Lower dev cost fuels casual games: Tecmo Koei Singapore head

Singapore GM Raymond Wong talks about the reality of the industry and how social network games are the current ruling trend.

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Recently, the Singapore Computer Society Interactive Digital Media Chapter invited Tecmo Koei Singapore's general manager, Raymond Wong, to share his insights into the business behind making games. Wong, who has been working in the company since 2004, covered topics as diverse as social gaming and the economy of sequels, and GameSpot Asia was there to report on his talk.

Wong began by bringing up the huge volume sales figures of games like Wii Sports (74 million copies sold), World of Warcraft (11 to 12 million subscribers), and the Sims franchise (100 million copies sold). He then brought Facebook games made by Zynga into the equation, saying that volumes are determined by the trends set by whoever started it. In other words, casual and accessible games are the current market trendsetters, citing that Zynga's market reach is even bigger than Electronic Arts' thanks to its stable of casual games like Cityville and Farmville.

"You can't run away from the fact that J.K. Rowling was asked to write seven books instead of stopping at three."--Raymond Wong on sequels being a safe option for revenue.

Wong then shared some statistics from a recent National Gamers survey done in 2010 from market research firm Newzoo, which showed that 59 percent of US-based hardcore console gamers and 56 percent of UK-based gamers engage in social network games. Wong said this was because these gamers were used to paying $60 for games on the shelves, and because social games required just a fraction of that cost (for additional in-game items, since the games themselves are free to play), the barrier for hardcore gamers to overcome in terms of monetary spending was relatively low.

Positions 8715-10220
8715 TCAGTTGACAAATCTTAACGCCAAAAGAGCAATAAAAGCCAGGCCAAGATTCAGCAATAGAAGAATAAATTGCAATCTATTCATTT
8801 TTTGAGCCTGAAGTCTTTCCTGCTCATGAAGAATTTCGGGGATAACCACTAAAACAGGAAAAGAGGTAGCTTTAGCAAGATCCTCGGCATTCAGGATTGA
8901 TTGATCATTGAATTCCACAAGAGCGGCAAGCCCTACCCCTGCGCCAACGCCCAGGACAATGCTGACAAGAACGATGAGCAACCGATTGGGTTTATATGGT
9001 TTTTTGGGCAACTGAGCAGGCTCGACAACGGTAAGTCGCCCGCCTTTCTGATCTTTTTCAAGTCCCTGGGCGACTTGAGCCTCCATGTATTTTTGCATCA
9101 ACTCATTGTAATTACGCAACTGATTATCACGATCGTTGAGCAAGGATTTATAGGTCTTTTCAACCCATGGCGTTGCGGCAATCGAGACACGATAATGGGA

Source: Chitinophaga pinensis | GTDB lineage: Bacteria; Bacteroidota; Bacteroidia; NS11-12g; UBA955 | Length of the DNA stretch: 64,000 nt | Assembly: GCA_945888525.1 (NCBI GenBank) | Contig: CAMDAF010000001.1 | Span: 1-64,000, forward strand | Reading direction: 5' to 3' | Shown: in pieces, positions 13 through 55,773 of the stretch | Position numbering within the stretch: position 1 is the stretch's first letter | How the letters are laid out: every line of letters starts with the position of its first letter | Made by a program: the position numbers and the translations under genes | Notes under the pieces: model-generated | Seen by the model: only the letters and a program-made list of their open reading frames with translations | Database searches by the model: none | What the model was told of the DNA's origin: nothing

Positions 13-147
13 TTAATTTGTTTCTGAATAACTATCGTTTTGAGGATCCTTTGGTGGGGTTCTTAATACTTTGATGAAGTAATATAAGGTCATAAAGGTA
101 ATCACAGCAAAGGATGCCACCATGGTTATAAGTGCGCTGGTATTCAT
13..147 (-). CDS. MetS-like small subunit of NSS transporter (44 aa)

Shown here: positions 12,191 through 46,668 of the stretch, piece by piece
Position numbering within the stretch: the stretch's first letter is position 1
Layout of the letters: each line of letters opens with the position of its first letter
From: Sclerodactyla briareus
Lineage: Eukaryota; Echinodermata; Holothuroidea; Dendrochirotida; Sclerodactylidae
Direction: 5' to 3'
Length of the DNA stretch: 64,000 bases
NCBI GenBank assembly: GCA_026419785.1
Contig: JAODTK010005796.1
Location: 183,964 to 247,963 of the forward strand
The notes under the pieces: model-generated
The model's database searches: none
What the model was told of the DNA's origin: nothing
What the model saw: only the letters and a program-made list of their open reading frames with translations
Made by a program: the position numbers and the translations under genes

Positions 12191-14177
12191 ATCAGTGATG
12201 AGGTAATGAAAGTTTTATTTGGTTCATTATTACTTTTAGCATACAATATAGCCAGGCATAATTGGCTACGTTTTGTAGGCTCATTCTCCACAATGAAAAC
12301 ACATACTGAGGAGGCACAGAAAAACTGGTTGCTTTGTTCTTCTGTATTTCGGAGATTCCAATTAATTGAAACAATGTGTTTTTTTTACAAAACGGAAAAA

Wong then went into some detail on the economics of making console games, starting with the statement that a game developer would usually get a one-third cut from sales profits. He brought up the fact that developers and publishers who plan to make games for companies like Sony and Microsoft are expected to pay royalties to them (usually $10 to $15 per copy for the company's respective platforms). Said royalties are waived if that particular title is a platform exclusive. A $60 title would only net a developer $20. Hence, more and more publishers are leaning towards the casual gaming trend because of increased returns when compared to publishing current-gen platform games and the fact that developing a game like Farmville isn't as cost-heavy as making a triple-A title.

For actual development and production costs to break even, Wong said that a particular title needed to sell about 20,000 to 30,000 units. In reality, 100,000 in sales is the ideal number. He said that the length of a new triple-A (or even low-key) project is usually 20 months. If one were to add in, in his example, two months extra due to unforeseen bugs or real-world hiccups, the production costs rises up by 10 percent. That particular cost does not factor in developer wages, shareholder cuts, and marketing and promotion.

Wong stated that these overlaying factors are what make a game development business known for schedule crunches. Games with short production cycles, too, can't afford the luxury of being perfect, as they usually would be shipped out with a bug or two. Conversely, a production cycle would be monetarily fatal to a team filled with perfectionists.

The Musou engine and Gundam series: a marriage made in monetary heaven.
The Musou engine and Gundam series: a marriage made in monetary heaven.

Being in a big publishing house, Wong said that usually out of 10 major titles, only one of them will make back the money spent by the company. Out of the 10, two of them will be original IPs that would usually be the brunt of a research and development team's workload. Case in point, Tecmo Koei falls back to their Romance of the Three Kingdoms and Dynasty Warriors franchises as their "safe" titles, since the title's fan base is very large.

Those two franchises alone, Wong said, help keep Tecmo Koei on the gaming industry map. He states that the alternative to this plan is to "get a two to three man team to make a game where you launch birds onto pigs"--an obvious reference to the overnight success of Rovio's Angry Birds.

Wong also brought up user sustainability, stating that games nowadays aren't shipped without multiplayer. The old model of playing a game and passing it to your friend after use is not viable; game developers are coming up with ways to get the attention of consumers either through online, cloud storage, or microtransactions.

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